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Discussion Starter · #1 ·
Currently starting a quest to upgrade and am wondering if my assumptions for what cd's to bring are correct.I know I should use music I know well,but I could use guidance in what to pick.My tastes run towards bluegrass and acoustic music.but I also lean towards alt.country(Steve Earle,Buddy Miller,Robbie Fulks,etc) and hard country(Jones,Dale watson)And oh yeah=love the Allman Brothers.Any suggestions on what would be good test discs in these areas?
 

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Our musical tastes don't overlap much so I will leave it to others to suggest specific titles.


When auditioning audio, in addition to selecting music representing a full range of frequencies and sonic characteristics (voice, string, percussion, woodwind, brass, piano), I feel it is also very useful to select music that you are very familiar with in a live format.


If the goal is accurate sound reproduction, IMO the reference should be live sound and which component seems to come the closest to that experience. Since our aural memories are short and easily fooled, I will try to listen to live music as much as I can before the audition of a critical audio component. Because I play piano and have spent more time listening to live piano than to recorded piano, this is one of the references I personally use when assessing how "accurate" a component seems to me.


_____

Glade
 

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Allman Brothers Band - "Eat a Peach" (Polygram, 1997) and " Seven Turns" (1990) are my favorites of their studio albums. The Allman Brothers are of course awesome live: "At Filmore East" is also available on DTS CD if you will have that capability. They also have 2 concert DVDs.


I would not buy new albums for auditioning speakers since your familiarity with the material is more important. When I went auditioning I put together a CDR with my favorite tracks from a variety of genres; make sure to include spoken word (to check for natural reproduction - its obvious when there is coloration on the human voice) and something to test evenness of sound across a wide frequency range (a piano or organ doing a chromatic scale would do this)


I can't help you on the other artists (never heard of them). But if you like bluegrass you may want to pickup the new Alison Krauss SACD at somepoint.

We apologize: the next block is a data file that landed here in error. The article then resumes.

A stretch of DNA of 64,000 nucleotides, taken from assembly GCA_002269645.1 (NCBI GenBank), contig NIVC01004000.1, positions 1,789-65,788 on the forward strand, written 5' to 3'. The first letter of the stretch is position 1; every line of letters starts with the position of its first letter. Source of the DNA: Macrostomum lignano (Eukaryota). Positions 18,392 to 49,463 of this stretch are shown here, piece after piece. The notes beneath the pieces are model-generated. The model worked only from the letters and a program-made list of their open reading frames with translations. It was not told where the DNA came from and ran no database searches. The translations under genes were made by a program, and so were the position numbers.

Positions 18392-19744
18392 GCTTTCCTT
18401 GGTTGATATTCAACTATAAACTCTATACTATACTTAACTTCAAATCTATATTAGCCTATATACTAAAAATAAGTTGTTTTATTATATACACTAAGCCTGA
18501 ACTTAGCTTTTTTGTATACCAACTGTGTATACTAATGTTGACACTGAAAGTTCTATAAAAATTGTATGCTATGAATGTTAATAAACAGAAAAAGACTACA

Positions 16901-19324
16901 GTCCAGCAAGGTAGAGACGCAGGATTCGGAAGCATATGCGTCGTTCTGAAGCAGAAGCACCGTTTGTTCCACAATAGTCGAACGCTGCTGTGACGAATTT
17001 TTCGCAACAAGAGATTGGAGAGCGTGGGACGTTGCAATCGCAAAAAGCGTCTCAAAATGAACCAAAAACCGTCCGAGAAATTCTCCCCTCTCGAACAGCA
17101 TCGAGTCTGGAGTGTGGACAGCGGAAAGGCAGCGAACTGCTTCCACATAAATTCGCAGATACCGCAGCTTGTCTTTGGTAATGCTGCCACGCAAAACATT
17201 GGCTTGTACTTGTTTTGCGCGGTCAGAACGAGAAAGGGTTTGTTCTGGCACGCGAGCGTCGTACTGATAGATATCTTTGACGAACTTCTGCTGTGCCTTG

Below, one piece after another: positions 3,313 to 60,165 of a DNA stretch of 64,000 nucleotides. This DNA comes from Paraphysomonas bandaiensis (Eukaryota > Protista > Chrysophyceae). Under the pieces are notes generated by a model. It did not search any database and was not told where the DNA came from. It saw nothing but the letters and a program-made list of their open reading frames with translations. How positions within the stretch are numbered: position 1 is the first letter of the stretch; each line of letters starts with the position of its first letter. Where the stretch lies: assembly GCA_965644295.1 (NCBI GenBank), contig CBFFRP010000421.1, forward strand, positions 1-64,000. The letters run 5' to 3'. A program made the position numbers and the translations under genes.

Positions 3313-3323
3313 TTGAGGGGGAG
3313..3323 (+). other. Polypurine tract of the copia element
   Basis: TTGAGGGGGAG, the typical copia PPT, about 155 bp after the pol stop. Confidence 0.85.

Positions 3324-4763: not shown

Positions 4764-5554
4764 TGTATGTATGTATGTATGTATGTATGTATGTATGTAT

sathyan
 

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lonwolf,


This should be palatable for you:


Pick up a copy of Skynyrd's "Endangered Species". It's awesome demo material. Unplugged session. Very dynamic and detailed. I took it to the high-end exhibits at CES a few years ago as one of my demo discs. You'll have a lot of fun with it, I promise.
 

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I am not a Country music fan.


However, I dig bands such as the Allman Brothers, Little Feat, old ZZ Top, etc. I'll say that Ry Cooder and Chet Atkins have put out some great stuff, in regards to both quality of recording and musicianship. I also agree with the plug for Alison Kraus.


I don't know if Lyle Lovett fits into you're kind of music, but his albums are always very well engineered/produced. "Lyle Lovett and His Large Band" has some very good acoustic and full-range demo material -- a very good, clean, dynamic album.
 

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Lon, by far, the best advice is to take what you are familiar with: your own music. The stuff you listen to is what you want your system to reproduce. When you hear the right setup, you will say, "Now, that sounds right!" You'll get goosebumps, and feel like they're in the room with you. Kind of like escapeism for your ears.


Beware:

Nothing you listen to will sound the same in your own space. You must audition speakers in the room and position they'll occupy if/when you keep them. Also, most people don't realize that the mere existance of other speakers in a showroom have an audible effect on the sound, because they, too, radiate some sound via acoustic coupling.
 

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Discussion Starter · #7 ·
Well,I think I led everyone astray by mentioning specific artists-not a good idea.But thanks for the input.What I'm trying to do is put together a cdr for demo purposes.Thanks for the tip on spoken word-I hadn't thought of that.I thought I should use cuts with a lot of orchestration,and its good to have that confirmed.Also,I've read Sinatra is a good test for dynamic range,also female vocals.I was leaning towards tracks with strong acoustic and electric instuments-is that a good idea? Again. thanks for the input and yes I do like both Alison and Lyle
 

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I know everyone recommended against music you don't know but I'll throw it in anyway:


Rebecca Pidgeon, "The Four Marys" Specifically the track "Texas Rangers" Well recorded female vocals. It's a Chesky release and available from their website.


I heard this first while auditioning speakers and it has since become something I use to audition new ones.


Adam
 

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